Vermilion Catholic’s Leah Camel remembers having one foot on the court after Kaylen Collins’ go-ahead basket swished through the net.
The Eagles were seconds away from the school’s second Class 1A state championship, leading 54-52 two years ago, when a last-ditch effort from West St. John fell short, triggering a joyous celebration.
For Camel, then a freshman, that meant a sprint for her older sister Natalie, a senior point guard, resulting in an emotional embrace between siblings.
“I was nervous when the girl from West St. John was going down the court,” Camel said. “As soon as I saw she missed, I immediately looked for Natalie, and we hugged while the team celebrated. It was such a thrill.”
A year after Vermilion Catholic was tripped up by Arcadia in the state quarterfinals the Eagles are back in the Class 1A state championship game, this time with the younger Camel operating as the starting point guard.
No. 2 Vermilion Catholic (25-4) meets No. 1 North Central (29-3) in the title game at 2 p.m. Saturday at Burton Coliseum in Lake Charles.
“My freshman year, winning it meant a lot because I was part of it,” Camel said. “Now that I’m a starter it feels great to be a part of this team to help get where we are.”
To most observers VC’s return to the Allstate Sugar Bowl/LHSAA Girls Top 28 tournament is a byproduct of its talented inside-outside tandem of Ashailee Brailey and Kaylen Collins.
However, the Eagles are also a collection of team-first players with a devout belief in hard work and chemistry, where the contributions of complementary players such as Camel are held in high regard.
“You wouldn’t think of someone being 5-2 and being a dominant player,” VC coach Kim Guidry said. “But she overcomes that with a nose-to-the- grindstone type of play. She’ll be the first one to dive on the floor, the one into the bleachers for a loose ball. The heart she has inside of those shoes… You would swear she plays like a 6-footer.”
While they’re both regarded for their steady, heads-up play Leah is considered more of the defensive-minded player, while her sister Natalie was viewed as more of a scoring threat.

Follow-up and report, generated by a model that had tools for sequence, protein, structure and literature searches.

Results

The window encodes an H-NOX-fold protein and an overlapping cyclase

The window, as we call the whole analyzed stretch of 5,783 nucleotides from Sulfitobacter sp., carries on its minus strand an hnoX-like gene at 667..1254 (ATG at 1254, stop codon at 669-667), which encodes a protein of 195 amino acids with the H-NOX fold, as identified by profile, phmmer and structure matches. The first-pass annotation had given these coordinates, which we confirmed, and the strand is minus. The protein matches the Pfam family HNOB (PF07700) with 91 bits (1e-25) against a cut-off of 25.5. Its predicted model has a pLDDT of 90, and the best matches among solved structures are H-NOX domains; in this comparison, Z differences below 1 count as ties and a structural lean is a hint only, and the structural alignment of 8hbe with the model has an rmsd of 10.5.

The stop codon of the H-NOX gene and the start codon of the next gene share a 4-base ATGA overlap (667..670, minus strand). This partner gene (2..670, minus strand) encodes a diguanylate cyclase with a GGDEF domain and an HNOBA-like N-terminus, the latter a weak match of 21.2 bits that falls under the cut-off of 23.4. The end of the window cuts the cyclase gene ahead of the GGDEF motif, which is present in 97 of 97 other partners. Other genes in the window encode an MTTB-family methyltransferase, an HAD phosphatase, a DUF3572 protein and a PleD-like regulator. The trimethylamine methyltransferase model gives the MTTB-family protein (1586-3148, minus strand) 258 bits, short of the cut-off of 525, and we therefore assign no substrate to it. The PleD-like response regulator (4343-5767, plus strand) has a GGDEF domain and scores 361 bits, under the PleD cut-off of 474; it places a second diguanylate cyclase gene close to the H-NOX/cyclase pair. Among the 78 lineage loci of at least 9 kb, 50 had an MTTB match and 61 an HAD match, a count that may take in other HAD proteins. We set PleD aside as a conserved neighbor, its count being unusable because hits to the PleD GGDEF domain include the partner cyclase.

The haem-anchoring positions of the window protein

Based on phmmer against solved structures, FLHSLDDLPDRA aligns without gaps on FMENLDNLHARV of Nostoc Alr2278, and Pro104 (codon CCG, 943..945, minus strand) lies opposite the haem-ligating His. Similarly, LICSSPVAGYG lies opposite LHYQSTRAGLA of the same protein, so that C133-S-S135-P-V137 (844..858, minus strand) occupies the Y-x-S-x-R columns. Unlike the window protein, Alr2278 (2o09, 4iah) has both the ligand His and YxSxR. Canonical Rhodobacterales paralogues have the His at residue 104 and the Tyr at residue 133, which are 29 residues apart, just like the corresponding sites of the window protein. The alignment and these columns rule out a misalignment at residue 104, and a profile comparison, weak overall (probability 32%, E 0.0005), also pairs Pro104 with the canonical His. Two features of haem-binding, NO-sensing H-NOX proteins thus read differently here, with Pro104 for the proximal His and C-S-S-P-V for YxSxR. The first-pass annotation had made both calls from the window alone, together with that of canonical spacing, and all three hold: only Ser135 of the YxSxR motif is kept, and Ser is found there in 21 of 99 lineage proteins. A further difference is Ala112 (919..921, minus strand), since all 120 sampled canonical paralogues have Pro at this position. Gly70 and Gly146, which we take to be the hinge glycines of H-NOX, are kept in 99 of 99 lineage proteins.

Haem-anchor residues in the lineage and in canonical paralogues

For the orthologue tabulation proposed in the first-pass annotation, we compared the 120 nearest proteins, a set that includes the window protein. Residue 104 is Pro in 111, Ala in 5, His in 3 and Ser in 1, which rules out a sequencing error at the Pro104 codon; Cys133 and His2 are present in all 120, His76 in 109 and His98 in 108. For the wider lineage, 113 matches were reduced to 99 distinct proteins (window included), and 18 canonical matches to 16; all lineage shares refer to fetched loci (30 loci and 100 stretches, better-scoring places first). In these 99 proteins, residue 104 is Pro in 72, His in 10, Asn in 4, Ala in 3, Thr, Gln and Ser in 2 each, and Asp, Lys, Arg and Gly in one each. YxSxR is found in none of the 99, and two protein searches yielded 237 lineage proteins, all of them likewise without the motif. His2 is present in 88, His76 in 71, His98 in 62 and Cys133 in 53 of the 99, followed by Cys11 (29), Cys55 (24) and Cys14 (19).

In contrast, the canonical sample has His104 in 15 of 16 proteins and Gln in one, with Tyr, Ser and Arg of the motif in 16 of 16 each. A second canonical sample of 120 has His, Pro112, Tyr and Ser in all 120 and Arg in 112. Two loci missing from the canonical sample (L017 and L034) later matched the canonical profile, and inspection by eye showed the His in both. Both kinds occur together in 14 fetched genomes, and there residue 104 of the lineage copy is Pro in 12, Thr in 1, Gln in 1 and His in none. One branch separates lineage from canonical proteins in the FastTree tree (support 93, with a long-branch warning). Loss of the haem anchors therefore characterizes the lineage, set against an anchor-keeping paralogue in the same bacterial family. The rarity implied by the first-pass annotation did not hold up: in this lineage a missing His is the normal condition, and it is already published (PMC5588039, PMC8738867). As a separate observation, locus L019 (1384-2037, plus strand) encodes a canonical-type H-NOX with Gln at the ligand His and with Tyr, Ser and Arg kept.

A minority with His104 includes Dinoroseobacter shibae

Leah has proven to not only be a defensive dynamo averaging four steals per game, but she’s also been efficient on offense end with seven-points and six-assists average.
“I love being in the action,” Camel said of her aggressive approach on defense. “Because I don’t score a lot of points, I find a need to really contribute on defense, getting steals or forcing jump balls.”
Camel displayed some of her toughness in Tuesday’s 57-46 semifinal victory over No. 6 White Castle.
With several starters, including Camel, suffering from a touch of the flu, Camel not only started but played and despite a subpar 1-of-7 shooting performance and two points, her on-floor presence and ball-handling against White Castle’s full-court pressure were immeasurable.
“I tried to play as much as I could,” Camel said. “I could tell I wasn’t playing my normal game, but I tried my best. I wanted to try because if you don’t give it your all, then there’s possibility it’s your last game.”
And because of that persistence, VC will pursue its second state title in three years, which provides an opportunity for Camel to follow in her sister’s shoes as a state-champion point guard and add to the family’s state-title ring collection.
“Having another ring would be great,” Camel said. “When I was a freshman, my sister and I did our own little thing together. Now it’s me with my teammates. It’s a new experience to do it without her.”